Patients Receive Safe, Effective Care in 'Virtual Dental Homes'


In a study conducted by the University of the Pacific, virtual dental homes were shown to help keep patients healthy without a traditional visit to the dentist.

With technological advances, patients are seeking faster, more accessible healthcare outside of the traditional practice setting. This trend is not isolated to medical facilities, and in fact teledentistry might be able to bring dental care to patients that may not have access to it otherwise. In a study conducted by the University of the Pacific, “virtual dental homes” were shown to help keep patients healthy without a traditional visit to the dentist.

The study took place over a six-year period, and involved a system created by the Pacific Center for Special Care, a program of the University’s Arthur A. Dugoni School of Dentistry. More than 3,000 patients in California were evaluated using the system, and more than $5.5 million in federal, state and other grants were used to support the project.

The teledentistry system uses technology to link specially trained dental hygienists in the community to dentists in offices and clinics. Since the project began, virtual dental homes have been placed in 50 preschools, elementary schools, community centers, senior centers, nursing homes, and residential care facilities for the disabled throughout California. The results of the 6-year demonstration showed that teledentistry services in these locations was effective in helping to prevent and treat dental health problems onsite, while also bringing prevention education to all patients. The research was also able to show clear benefits regarding dental services provided to children and communities that otherwise would likely go without.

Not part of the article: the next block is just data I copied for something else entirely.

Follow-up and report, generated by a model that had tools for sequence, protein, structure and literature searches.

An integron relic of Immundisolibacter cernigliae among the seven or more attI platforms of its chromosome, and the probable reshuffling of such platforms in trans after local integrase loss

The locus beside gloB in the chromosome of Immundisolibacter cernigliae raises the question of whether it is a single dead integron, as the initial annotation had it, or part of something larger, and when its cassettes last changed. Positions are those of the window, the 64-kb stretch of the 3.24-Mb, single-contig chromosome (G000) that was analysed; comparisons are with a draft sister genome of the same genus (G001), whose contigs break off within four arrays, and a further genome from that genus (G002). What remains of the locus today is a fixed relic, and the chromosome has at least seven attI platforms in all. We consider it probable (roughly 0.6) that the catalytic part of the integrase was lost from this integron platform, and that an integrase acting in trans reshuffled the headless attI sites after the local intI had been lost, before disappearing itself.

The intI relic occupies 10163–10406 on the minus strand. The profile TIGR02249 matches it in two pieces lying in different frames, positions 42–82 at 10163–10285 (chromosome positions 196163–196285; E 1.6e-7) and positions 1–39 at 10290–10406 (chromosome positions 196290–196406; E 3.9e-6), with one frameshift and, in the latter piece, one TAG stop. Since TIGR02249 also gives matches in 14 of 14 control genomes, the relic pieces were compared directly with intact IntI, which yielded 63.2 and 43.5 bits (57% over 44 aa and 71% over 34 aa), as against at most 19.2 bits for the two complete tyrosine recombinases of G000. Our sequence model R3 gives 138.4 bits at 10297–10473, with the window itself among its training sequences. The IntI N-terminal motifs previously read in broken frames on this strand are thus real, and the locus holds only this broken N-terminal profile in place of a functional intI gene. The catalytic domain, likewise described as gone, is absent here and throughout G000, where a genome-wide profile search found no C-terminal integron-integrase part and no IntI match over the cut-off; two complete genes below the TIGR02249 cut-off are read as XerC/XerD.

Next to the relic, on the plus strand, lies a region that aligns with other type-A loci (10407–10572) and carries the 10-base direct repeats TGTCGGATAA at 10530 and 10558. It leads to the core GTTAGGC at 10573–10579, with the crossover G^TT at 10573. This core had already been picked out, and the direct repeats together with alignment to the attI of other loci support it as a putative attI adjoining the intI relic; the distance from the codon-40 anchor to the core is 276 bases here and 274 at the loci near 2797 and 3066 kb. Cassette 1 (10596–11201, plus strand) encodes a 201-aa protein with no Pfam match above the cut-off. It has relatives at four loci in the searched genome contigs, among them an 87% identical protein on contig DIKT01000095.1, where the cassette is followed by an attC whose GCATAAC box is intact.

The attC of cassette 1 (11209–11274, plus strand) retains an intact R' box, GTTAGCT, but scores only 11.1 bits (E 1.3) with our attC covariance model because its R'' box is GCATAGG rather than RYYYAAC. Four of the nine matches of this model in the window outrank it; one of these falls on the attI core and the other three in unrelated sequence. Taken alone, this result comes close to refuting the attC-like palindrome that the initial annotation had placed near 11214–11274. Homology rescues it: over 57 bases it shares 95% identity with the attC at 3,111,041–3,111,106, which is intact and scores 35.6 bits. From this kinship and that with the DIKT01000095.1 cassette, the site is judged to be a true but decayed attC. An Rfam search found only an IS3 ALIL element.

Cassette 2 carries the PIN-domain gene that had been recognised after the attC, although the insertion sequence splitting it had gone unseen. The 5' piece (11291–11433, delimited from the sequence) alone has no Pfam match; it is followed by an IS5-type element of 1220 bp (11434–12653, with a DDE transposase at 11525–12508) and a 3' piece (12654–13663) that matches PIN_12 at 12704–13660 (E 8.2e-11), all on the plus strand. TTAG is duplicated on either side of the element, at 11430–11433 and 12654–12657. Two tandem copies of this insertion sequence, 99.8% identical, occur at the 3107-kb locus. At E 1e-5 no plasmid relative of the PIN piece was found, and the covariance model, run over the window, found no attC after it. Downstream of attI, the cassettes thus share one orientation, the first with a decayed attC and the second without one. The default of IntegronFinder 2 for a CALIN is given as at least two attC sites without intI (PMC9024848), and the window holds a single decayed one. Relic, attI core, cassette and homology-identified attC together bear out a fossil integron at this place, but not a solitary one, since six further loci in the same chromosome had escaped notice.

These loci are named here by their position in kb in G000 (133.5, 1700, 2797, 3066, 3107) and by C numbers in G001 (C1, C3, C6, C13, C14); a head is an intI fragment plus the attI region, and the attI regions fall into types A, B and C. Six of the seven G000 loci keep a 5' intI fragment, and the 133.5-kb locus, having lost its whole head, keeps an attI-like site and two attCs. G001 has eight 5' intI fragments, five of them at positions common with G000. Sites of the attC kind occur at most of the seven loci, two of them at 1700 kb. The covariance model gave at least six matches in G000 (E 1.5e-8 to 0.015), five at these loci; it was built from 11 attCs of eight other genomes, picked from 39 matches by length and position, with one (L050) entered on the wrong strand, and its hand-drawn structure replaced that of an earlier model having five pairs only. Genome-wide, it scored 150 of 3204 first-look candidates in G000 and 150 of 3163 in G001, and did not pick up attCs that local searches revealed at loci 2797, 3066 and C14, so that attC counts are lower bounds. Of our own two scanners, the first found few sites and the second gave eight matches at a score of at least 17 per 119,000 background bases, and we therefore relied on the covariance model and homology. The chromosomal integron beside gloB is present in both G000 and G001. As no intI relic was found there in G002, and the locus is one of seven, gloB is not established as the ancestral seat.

There is now a bill before the California state legislature which proposes to provide $4 million to expand virtual dental homes statewide. The measure, AB 648, would provide more community-based sites and provide access to preventative and basic dental care using the same teledentistry model.

In California, 32 out of its 58 counties have too few dentists to serve children enrolled in Medi-Cal, the state’s version of the Medicaid program that provides healthcare services to low-income individuals and families. In California, 24% of all children finish elementary school without ever seeing a dentist, and, in 2013, 41% of children eligible for Medi-Cal received no dental health services at all.

Due to the success of the virtual dental home study, Oregon, Hawaii, and Colorado have also implemented pilot teledentistry systems. The hope is that, by bringing such dental services to communities, patient suffering and school and work absenteeism can be reduced or prevented in the millions of people with no access to a dentist.

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